The difference between fornication and the sexual union described in the account of creation is that the latter involves intent to forge a new family unit by leaving the 'descent group', the man leaves his father and mother first. The same cannot be said of the promiscuous sexual union that Paul denounces here. Promiscuity thwarts the effort to secure a permanent offshoot of kinship (what the law calls affinity) that is the aim of marriage. However, Paul's central argument is that we are Christ's physical presence on earth, His body. The church (being the body of Christ) will be re-joined to her head, Christ, in the resurrection. Sexual immorality degrades Christ by joining His body to those who indulge in illicit sex, whether heterosexual or homosexual.

3. Christ’s own declaration is that joining to one’s wife is an act of permanent kinship arising from God’s unrevoked design intent for marriage at creation. Children are marriage’s blessing, but NOT its condition. Additionally, its dissolution was never instigated by God. Divorce was a provision requested by Moses to accommodate human intransigence. Christ has enunciated that sexual unfaithfulness (whether by a complete neglect of conjugal rights, or adultery) is the chief ground for ending attempts at marital reconciliation. Paul adds desertion by the unbelieving partner to this. Still, divorce is NOT a licence to re-marry. The Genesis prototype remains: ‘what God has joined together, let not man put asunder.’ We should not pretend that a conditional divine concession under Moses was unconditionally instigated and approved by God. Certainly no more than we consider how God accommodated Israel’s desire to replace the priest-prophet theocracy ordained through the Law of Moses with a monarchy in line with her Canaanite neighbours:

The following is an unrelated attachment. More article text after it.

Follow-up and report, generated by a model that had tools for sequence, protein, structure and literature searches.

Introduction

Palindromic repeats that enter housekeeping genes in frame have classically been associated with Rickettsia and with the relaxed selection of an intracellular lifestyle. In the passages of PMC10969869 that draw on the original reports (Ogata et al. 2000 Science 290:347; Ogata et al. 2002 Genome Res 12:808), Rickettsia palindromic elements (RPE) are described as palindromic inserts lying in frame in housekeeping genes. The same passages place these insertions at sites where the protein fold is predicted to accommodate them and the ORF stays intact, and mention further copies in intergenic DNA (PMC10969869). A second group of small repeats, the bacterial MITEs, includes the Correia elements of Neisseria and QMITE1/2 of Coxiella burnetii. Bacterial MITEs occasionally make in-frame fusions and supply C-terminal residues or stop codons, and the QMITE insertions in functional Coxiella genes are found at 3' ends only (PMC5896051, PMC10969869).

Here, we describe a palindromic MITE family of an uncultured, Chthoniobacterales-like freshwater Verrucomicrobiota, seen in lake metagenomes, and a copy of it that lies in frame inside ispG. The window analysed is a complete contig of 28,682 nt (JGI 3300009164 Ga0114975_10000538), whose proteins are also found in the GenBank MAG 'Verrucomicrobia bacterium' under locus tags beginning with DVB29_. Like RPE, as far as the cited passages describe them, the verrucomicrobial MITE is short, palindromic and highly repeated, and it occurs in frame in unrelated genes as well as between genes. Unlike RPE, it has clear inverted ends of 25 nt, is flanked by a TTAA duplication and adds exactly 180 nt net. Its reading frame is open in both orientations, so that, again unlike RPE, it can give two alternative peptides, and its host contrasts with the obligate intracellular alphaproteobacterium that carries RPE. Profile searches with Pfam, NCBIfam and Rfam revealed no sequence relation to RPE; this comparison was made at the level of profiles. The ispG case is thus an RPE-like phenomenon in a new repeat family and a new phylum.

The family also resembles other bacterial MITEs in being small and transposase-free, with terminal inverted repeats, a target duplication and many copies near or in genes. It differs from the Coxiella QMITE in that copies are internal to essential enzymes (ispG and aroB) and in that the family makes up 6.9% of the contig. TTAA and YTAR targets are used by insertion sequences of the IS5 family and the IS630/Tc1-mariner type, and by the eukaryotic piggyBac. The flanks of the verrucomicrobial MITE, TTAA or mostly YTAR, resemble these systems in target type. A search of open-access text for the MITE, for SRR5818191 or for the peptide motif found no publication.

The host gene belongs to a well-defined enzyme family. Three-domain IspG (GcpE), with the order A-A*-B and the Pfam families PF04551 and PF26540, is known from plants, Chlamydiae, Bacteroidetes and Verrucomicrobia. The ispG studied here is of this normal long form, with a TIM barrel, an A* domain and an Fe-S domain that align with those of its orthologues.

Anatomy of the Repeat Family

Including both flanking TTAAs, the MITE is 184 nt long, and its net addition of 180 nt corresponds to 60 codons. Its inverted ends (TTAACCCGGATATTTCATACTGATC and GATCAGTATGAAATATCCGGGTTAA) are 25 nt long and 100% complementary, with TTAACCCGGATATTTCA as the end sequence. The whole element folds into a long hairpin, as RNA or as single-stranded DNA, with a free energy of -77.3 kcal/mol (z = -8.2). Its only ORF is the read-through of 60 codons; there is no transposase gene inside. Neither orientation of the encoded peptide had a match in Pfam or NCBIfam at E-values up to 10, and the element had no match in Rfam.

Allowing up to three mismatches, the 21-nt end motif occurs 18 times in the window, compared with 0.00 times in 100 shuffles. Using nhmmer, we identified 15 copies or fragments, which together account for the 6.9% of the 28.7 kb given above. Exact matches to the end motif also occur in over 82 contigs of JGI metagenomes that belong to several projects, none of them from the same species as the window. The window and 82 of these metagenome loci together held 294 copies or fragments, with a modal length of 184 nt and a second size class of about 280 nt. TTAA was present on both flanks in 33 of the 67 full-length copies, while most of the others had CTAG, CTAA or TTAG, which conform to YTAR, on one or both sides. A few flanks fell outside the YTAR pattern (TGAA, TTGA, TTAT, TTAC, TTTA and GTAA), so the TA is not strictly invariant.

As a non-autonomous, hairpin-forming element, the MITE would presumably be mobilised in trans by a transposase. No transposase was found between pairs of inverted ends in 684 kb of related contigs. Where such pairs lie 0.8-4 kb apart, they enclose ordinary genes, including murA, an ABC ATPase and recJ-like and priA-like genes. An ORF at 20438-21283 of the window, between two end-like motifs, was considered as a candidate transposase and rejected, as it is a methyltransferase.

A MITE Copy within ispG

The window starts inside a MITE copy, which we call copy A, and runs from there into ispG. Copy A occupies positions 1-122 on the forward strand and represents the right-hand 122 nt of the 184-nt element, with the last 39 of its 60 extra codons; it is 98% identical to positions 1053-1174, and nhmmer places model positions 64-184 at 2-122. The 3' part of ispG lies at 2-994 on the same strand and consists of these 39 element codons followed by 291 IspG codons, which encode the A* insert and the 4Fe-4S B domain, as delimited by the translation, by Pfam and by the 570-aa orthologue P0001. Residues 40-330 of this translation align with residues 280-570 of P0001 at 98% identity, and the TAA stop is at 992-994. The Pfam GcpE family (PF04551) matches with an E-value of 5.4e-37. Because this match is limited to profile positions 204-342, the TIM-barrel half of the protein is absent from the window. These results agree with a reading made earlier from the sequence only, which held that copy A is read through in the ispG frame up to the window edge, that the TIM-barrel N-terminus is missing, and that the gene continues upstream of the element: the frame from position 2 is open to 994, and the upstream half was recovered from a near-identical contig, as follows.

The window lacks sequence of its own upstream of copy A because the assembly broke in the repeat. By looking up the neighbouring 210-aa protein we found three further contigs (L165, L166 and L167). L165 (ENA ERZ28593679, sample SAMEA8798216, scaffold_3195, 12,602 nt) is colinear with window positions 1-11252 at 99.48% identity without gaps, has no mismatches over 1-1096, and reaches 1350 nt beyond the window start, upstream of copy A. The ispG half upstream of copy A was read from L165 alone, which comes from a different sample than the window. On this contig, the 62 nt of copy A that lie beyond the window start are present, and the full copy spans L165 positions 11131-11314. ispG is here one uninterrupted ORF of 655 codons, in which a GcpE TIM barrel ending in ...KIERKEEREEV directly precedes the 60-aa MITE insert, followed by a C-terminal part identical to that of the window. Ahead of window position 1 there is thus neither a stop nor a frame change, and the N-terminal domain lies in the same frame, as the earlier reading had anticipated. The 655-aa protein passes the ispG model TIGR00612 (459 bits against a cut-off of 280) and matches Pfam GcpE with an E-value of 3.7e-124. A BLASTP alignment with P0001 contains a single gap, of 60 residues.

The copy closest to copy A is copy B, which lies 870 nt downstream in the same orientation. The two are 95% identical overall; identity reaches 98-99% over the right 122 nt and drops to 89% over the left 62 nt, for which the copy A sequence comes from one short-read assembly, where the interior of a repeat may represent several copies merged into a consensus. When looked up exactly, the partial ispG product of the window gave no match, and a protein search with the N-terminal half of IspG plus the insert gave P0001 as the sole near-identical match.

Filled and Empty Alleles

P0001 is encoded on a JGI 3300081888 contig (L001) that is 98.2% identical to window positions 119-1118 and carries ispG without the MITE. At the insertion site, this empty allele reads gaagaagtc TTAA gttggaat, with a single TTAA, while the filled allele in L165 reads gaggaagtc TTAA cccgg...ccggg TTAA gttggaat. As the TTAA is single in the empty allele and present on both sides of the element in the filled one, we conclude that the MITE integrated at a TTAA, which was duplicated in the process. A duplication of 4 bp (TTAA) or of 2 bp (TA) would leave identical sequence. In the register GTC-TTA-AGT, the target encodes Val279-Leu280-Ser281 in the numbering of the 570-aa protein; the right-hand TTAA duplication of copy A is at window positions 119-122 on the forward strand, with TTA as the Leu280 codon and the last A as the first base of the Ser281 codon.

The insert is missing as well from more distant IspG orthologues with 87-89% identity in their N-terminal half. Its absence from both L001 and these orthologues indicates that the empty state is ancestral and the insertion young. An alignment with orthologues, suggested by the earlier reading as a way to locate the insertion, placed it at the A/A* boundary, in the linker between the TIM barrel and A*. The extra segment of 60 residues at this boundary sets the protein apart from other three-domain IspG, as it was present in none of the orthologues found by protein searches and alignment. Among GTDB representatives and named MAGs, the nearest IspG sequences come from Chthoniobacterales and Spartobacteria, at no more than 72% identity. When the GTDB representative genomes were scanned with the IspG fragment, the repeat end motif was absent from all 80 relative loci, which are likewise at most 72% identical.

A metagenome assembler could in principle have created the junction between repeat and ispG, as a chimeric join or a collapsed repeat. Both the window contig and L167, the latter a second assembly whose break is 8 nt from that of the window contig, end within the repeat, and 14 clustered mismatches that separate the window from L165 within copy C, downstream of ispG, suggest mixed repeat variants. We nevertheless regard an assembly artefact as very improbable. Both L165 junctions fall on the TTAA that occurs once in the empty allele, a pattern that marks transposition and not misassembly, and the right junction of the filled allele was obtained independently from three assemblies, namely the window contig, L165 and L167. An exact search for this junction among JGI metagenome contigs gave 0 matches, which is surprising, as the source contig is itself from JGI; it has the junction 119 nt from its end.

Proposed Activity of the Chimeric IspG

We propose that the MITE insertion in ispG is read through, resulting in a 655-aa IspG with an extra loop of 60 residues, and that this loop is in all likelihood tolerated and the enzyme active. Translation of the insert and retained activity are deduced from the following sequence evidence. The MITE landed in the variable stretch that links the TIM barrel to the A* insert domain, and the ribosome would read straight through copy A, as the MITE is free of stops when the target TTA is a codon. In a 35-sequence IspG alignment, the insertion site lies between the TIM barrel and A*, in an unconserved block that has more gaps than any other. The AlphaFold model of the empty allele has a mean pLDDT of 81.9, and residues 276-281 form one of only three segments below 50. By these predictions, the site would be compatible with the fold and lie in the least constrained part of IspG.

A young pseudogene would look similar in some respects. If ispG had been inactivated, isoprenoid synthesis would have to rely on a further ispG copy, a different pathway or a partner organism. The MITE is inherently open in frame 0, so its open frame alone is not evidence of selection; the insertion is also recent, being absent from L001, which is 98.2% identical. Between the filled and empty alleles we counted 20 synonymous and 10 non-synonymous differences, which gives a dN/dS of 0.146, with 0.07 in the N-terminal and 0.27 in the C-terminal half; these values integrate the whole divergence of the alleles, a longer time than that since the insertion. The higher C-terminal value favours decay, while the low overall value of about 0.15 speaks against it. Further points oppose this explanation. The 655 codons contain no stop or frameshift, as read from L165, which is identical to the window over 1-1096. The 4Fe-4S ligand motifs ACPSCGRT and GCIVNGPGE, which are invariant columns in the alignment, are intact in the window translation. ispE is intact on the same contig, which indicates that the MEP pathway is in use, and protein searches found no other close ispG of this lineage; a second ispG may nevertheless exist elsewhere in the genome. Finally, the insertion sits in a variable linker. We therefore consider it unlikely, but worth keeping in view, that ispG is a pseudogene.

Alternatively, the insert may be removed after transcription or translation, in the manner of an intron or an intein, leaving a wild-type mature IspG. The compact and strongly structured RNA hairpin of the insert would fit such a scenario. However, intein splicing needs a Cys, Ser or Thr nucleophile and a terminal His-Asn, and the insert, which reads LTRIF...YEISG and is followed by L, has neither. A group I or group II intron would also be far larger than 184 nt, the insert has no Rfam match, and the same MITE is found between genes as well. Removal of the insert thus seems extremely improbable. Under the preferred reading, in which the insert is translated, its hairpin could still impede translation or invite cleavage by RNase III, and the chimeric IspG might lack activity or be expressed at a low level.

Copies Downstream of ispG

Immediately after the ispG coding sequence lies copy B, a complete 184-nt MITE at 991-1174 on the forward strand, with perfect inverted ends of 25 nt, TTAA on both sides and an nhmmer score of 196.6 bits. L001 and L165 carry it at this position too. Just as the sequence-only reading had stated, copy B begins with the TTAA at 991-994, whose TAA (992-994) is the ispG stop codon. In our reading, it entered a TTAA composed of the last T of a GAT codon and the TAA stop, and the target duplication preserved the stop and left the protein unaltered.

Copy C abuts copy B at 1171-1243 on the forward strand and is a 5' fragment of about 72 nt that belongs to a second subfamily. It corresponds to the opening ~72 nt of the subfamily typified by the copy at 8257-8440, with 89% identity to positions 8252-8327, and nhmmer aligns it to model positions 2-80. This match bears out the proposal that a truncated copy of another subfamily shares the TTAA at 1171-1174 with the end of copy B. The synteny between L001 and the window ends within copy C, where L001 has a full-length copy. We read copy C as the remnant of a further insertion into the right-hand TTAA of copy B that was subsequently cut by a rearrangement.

‘But when they said, “Give us a king to lead us,” this displeased Samuel; so he prayed to the Lord. And the Lord told him: “Listen to all that the people are saying to you; it is not you they have rejected, but they have rejected me as their king. As they have done from the day I brought them up out of Egypt until this day, forsaking me and serving other gods, so they are doing to you. Now listen to them; but warn them solemnly and let them know what the king who will reign over them will do.” (1 Sam. 8:6 – 9)

4. Adam declared what Eve meant to Him. Man is told the wider context of human sexuality as it relates to God’s plan:

‘So God created man in his own image, in the image of God he created him; male and female he created them. God blessed them and said to them, "Be fruitful and increase in number; fill the earth and subdue it. Rule over the fish of the sea and the birds of the air and over every living creature that moves on the ground." (Gen. 1:27, 28)

Man and woman are both created in the image of God. However, under God, their respective roles in the shared task of establishing global beneficent order over the animal kingdom are not the same. God’s intent for humanity, as revealed here, would have been subverted, were humans to have largely turned to homosexuality after a few generations.

5. Although the Pharisees wanted to debate the acceptability of divorce, Christ harks back to the Genesis prototype as the perpetually authoritative prototype for marriage (Mark 10:7). Paul also refers to Genesis as the prototype for male disciplinary authority in Church, highlighting both the past consequences of subverting male authority and the pre-eminent role of women in nurturing the young:

‘A woman should learn in quietness and full submission. I do not permit a woman to teach or to have authority over a man; she must be silent. For Adam was formed first, then Eve. And Adam was not the one deceived; it was the woman who was deceived and became a sinner. But women will be restored through childbearing—if they continue in faith, love and holiness with propriety.’ (1 Tim. 2:11 – 15)

The conclusion is that Genesis is the authoritative, universally applicable prototype for our sexual roles. Whether I am an overbearing, unloving, uncommitted heterosexual, divorced and contemplating re-marriage, or in a homosexual relationship, I am challenged by the prospect of divine judgement to re-apply these precepts of the Genesis account to my life and relationships.